Best ResponseYou've already chosen the best response.2oh , you have to make an educated guess first you can guess, graph, use wolfram (what i did) you have to do something to guess a number close to the zero of the function

misty1212
 one year ago
Best ResponseYou've already chosen the best response.2here is a picture of the function http://www.wolframalpha.com/input/?i=x%5E24x%2B4ln%28x%29 click on "real values plot" so as not to get too confused you see it has two zeros

misty1212
 one year ago
Best ResponseYou've already chosen the best response.2one is very near 3, so i picked 3 as \(x_1\)

mathmate
 one year ago
Best ResponseYou've already chosen the best response.0ouch! I think it should be: \(\large 3\color{red}{}\frac{0.098612}{\frac{5}{3}}\)

misty1212
 one year ago
Best ResponseYou've already chosen the best response.2yeah you are right, it should be a plus

misty1212
 one year ago
Best ResponseYou've already chosen the best response.2so \[x_2=3.0591672\]

misty1212
 one year ago
Best ResponseYou've already chosen the best response.2you really want to make life easy on yourself here is what you can do for newton's method you are going to have to use a calculator anyways, so here is what we get if we make a first guess of 3 http://www.wolframalpha.com/input/?i=x%28%28x2%29%5E2ln%28x%29%29%2F%282x41%2Fx%29%2C+x%3D3

misty1212
 one year ago
Best ResponseYou've already chosen the best response.2click on the numeric answer, then rewrite with it substituted where i wrote x = 3

mathmate
 one year ago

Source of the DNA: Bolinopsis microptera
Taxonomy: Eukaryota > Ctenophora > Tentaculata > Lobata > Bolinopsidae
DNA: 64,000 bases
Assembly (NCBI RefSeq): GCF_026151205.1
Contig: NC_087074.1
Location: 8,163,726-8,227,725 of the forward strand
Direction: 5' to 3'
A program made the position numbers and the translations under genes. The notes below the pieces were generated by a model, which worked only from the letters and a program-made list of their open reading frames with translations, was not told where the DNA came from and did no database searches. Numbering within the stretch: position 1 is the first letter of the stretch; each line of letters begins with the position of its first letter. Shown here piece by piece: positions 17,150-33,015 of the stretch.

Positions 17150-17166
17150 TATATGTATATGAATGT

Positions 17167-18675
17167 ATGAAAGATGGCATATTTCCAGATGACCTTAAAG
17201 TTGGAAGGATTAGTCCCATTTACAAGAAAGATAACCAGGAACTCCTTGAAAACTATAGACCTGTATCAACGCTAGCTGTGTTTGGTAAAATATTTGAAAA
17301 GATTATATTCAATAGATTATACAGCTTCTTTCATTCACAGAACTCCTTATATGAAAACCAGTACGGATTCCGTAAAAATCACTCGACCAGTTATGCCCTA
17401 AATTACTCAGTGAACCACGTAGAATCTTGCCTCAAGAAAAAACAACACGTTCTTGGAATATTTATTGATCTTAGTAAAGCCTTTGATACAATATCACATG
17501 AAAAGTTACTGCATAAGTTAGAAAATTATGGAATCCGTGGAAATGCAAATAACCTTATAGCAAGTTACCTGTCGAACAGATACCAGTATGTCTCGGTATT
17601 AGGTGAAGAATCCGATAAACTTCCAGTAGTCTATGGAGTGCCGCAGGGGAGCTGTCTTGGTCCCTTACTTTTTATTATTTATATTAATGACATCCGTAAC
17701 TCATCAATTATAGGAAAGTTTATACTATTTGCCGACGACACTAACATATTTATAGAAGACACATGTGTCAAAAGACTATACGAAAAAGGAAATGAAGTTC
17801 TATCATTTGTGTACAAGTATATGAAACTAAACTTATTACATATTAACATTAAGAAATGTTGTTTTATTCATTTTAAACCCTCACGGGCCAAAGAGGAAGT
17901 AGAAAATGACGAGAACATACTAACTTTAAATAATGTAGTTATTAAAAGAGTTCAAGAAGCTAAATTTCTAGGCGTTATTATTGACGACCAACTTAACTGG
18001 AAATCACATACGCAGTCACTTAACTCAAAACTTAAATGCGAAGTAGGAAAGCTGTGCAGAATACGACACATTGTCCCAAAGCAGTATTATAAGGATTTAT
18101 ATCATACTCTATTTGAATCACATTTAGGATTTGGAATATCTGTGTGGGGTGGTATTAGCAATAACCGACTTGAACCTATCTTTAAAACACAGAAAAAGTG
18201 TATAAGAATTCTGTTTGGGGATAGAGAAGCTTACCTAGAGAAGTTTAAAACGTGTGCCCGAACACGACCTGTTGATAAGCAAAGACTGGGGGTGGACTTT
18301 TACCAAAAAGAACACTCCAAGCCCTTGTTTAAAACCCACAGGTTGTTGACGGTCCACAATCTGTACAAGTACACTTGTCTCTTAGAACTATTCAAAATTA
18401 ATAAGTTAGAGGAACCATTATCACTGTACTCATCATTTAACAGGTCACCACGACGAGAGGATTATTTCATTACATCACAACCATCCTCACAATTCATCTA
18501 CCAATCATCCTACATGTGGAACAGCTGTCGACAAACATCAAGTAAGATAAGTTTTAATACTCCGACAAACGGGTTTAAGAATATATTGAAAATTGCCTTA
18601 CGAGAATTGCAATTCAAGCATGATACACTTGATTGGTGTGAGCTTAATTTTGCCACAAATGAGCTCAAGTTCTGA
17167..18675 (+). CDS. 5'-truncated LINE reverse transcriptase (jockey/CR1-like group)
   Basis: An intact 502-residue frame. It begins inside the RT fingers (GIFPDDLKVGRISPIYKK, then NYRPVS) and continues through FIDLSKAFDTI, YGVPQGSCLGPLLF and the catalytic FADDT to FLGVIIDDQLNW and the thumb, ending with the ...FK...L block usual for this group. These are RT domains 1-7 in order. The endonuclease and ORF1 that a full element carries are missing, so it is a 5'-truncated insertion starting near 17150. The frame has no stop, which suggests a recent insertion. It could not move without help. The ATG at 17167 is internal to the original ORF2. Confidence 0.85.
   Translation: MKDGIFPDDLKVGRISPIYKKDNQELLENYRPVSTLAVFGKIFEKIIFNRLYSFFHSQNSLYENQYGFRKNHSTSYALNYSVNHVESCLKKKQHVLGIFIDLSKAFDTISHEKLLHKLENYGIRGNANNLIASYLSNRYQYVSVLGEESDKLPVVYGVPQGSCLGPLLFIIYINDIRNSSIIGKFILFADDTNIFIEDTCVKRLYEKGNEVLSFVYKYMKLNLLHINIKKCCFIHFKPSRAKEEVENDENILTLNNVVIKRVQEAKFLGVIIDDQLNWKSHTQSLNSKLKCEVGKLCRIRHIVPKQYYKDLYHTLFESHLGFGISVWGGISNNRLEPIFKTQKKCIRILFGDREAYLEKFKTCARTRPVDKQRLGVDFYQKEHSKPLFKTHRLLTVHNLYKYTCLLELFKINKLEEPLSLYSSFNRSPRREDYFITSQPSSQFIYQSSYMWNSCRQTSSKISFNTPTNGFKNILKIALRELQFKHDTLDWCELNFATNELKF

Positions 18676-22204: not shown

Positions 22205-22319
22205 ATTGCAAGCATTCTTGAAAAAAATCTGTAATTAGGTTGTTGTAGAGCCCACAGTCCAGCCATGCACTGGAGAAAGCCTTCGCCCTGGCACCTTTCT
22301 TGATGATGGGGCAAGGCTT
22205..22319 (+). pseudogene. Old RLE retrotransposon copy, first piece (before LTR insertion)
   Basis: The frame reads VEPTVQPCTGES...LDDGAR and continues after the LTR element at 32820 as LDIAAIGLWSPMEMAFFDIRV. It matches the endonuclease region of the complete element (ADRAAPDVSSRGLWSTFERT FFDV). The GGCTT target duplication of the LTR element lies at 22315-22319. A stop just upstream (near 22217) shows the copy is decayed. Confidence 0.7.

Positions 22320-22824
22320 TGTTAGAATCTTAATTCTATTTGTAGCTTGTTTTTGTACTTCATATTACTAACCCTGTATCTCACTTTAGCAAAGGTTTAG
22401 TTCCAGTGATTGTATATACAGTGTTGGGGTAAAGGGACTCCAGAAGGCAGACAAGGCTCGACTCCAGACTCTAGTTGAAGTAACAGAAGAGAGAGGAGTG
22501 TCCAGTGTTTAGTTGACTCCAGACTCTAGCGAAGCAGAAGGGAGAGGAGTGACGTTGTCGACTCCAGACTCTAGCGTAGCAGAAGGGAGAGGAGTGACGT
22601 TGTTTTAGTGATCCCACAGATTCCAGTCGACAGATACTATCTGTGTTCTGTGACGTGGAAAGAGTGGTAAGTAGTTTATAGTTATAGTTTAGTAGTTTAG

Best ResponseYou've already chosen the best response.0To resume how we could solve a problem using Newton's method. 1. define the equation in the form of f(x)=0, because Newton's method is for finding zeroes of an equation. Here (x2)^2=ln(x) becomes f(x)=(x2)^2ln(x)=0 2. Graph the function and visually search for zeroes, which will be the potential initial values of the solutions. Also, visually check the graph to be convinced that all possible roots are counted. for the above f(x), we see that the graph is basically a quadratic, slightly modulated by the function ln(x), and which also restricted the domain to x>0. If we examine the graph between 1 and 4, we see that the roots are located near 1.5 and 3+. These will therefore be our initial approximations. Note: if a root of higher multiplicity is suspected, a different procedure from the following is required. 3. set up the iterative equation, x(n+1)=x(n)  f(x(n))/f'(x(n)) Here we have f(x)=(x2)^2ln(x) f'(x)=2(x2)1/x so the iterative equation is (x is used to stand for x(n) for simplicity) x(n+1)=x(n)f(x)/f'(x) =x(n) ((x2)^2ln(x))/)2(x2)1/x) =(xln(x)+x^35x)/(2x624x1) 4. Apply the iteration solution a number of times to attain the required accuracy. Keep at least 2 decimals beyond the required accuracy for all calculations. Newton's method typically doubles the number of correct digits at each iteration, except for special circumstances such as multiple roots. Use calculator, Excel, Wolfram or any other tool to help you calculate accurately. Here the results are: A. for initial approximation of 3: 3 3.059167373200866 3.0571060546916 3.057103549998436 3.057103549994738 B. for initial approximation of 1.5 : 1.5 1.406720935135101 1.412369957251193 1.412391171725005 1.412391172023884 Clearly, the roots are 3.057104 and 1.412391 each to 6 decimal places.